The defense agency backs off a "notional" plan to disinter 85 USS Arizona "unknowns" from the sunken battleship

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Jul. 27—A Defense Department agency appears to be walking back a "notional plan " to disinter 85 USS Arizona crew members buried as "unknowns " at Punchbowl cemetery and then reinter them, unidentified, onto the sunken battleship, which is a revered memorial in Pearl Harbor.

Some families made emotional appeals to the Defense POW /MIA Accounting Agency to not only disinter the men, but then take the step of identifying them through DNA and other methods so the Dec. 7, 1941, heroes can be returned to relatives for burial.

But DPAA now says there are no plans to disinter the 85 unknowns due to the lack of crew historical and dental records as well as DNA family reference samples needed for identification, which would be "extremely complex and not feasible."

Randy Stratton, son of USS Arizona survivor Don Stratton, who died last year at age 97 and is buried in Nebraska, said a high-ranking DPAA official told him three times that the men won't be reinterred back on the battleship.

DPAA's "notional plan " to do that, revealed in February, would have been unprecedented.

So would the logistics. Presumably, the thought was to have the remains cremated. But DPAA now notes, without confirming any such plan, that Defense Department policy approved in late June states that for group remains, if any member of that group has not been identified, "the Armed Forces Medical Examiner will not approve cremation as a final disposition for the group."

Lauren Bruner in 2019 was the most recent individual Arizona crew member to have his cremated remains placed within the battleship. Bruner, who died that year at age 98, was the 44th survivor to be interred on the ship since 1982.

Randy Stratton is adamant that the 85 USS Arizona unknowns be identified.

"We're still pushing. We're not stopping until the 85 are identified, " the Colorado resident said Monday. "They've done that for (other Dec. 7 ships including ) Oklahoma, California, the West Virginia."

Stratton said he's reached out to U.S. Reps. Lauren Boebert and Doug Lamborn, both from Colorado, and U.S. Sens. Michael Bennet of Colorado and Tom Cotton of Arkansas for help—including with newer DNA testing methods that he believes could be cheaper and faster.

Advances in science, particularly DNA, have made identification possible for many of the unknowns who were buried decades ago at Punchbowl, officially known as the National Memorial Cemetery of the Pacific.

All of the USS Oklahoma unknowns—388—were disinterred in 2015.

DPAA exhumed 94 caskets from the Battle of Tarawa, 35 from the USS West Virginia and 25 caskets from the USS California along with hundreds from the Korean War, to boost its annual identifications.

It's now planning to disinter about 400 who died as prisoners of war on Japanese transport ships, including the Enoura Maru, which had conditions so bad they were called "hellships."

Of the 1, 177 killed on the Arizona, 105 were recovered and identified, DPAA said. That resulted in 1, 072 unaccounted for, with about 985 of those men still entombed on the ship, one additional crew member later identified, one unidentified who remains in DPAA's lab, and 85 at Punchbowl, according to the agency.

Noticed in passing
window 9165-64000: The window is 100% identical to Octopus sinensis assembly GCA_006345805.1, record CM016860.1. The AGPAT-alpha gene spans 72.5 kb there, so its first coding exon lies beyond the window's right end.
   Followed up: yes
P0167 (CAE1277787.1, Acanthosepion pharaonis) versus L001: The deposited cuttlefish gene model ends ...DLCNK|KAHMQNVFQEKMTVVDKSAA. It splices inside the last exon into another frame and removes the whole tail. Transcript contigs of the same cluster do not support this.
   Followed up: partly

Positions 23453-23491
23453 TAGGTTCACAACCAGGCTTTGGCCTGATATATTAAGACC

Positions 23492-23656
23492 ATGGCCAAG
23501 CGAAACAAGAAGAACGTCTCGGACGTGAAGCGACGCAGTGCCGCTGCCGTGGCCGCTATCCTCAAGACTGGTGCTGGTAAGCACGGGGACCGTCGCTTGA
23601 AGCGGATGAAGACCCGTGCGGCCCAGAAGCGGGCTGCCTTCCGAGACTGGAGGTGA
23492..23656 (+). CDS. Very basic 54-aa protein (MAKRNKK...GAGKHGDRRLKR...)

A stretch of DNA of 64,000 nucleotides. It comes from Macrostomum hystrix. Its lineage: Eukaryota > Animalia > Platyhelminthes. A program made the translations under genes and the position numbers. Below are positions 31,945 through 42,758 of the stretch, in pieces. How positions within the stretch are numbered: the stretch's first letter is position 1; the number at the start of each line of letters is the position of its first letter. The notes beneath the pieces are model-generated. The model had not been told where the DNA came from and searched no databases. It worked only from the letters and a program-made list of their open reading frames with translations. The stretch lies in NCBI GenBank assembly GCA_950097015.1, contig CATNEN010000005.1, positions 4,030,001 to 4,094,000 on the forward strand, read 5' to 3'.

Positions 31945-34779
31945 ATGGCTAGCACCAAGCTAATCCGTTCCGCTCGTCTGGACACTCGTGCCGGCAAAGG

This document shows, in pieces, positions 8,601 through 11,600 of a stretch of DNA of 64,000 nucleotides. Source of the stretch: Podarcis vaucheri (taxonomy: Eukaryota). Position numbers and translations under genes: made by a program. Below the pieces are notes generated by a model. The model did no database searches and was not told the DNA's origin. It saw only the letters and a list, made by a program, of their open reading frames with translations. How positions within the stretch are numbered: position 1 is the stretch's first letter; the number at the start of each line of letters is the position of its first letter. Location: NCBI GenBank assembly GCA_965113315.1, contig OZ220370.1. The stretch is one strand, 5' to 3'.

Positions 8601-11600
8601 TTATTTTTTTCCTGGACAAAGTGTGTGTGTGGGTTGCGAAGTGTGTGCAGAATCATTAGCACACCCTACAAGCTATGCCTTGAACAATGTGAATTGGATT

Stratton's daughter, Nikki, started a petition at seeking identification of the 85 crew. As of Monday, 1, 283 people had signed the petition. The only two men still alive from the battleship, Lou Conter and Ken Potts, both asked for identification and for families to decide on burial.

"Why is the USS Arizona not being given the same respect and honor as those who are currently being identified with the USS Oklahoma ?" Nikki Stratton said in her plea.

The accounting agency says the USS Arizona identification would be a "monumental " scientific undertaking.

Agency Director Kelly McKeague said at a Feb. 20 online "family member update " that "we could never take on " the process of identification because DNA and other reference samples would have to be obtained for all 1, 177 of the ship's fatalities.

In a subsequent interview, McKeague said that "'never' is a strong word. Obviously, we could " identify the crew members.

But only about 130 dental records and 12 DNA family reference samples are on file for the Arizona crew. The feasibility also is affected by the fact that the men still in the ship—the vast majority of the crew—will never be identified, the agency said.

Interring the 85 plus the one unidentified crew member in the lab back into the USS Arizona would have provided the "fullest possible accounting " in DPAA's eyes—without the complexities of DNA and other identification.

The agency estimates that 38, 000 Americans still missing from the nation's past wars are recoverable around the world.

"In order to provide equitable treatment to all family members, it's a balancing act for us to be able to assess the likelihood of identification in order to determine the appropriate use of limited resources, " McKeague said. "That's what it comes down to. So it's a balancing act : limited dollars, limited capacity and capabilities."

Identification of the Arizona unknowns "would not be prudent from our perspective, " he said. DPAA was asked for a ballpark figure for disinterment and identification, but it said it did not have one because "such a project is extremely complex and not feasible."

Any disinterment decision ultimately rests with the assistant secretary of defense for manpower and Reserve affairs, McKeague said.

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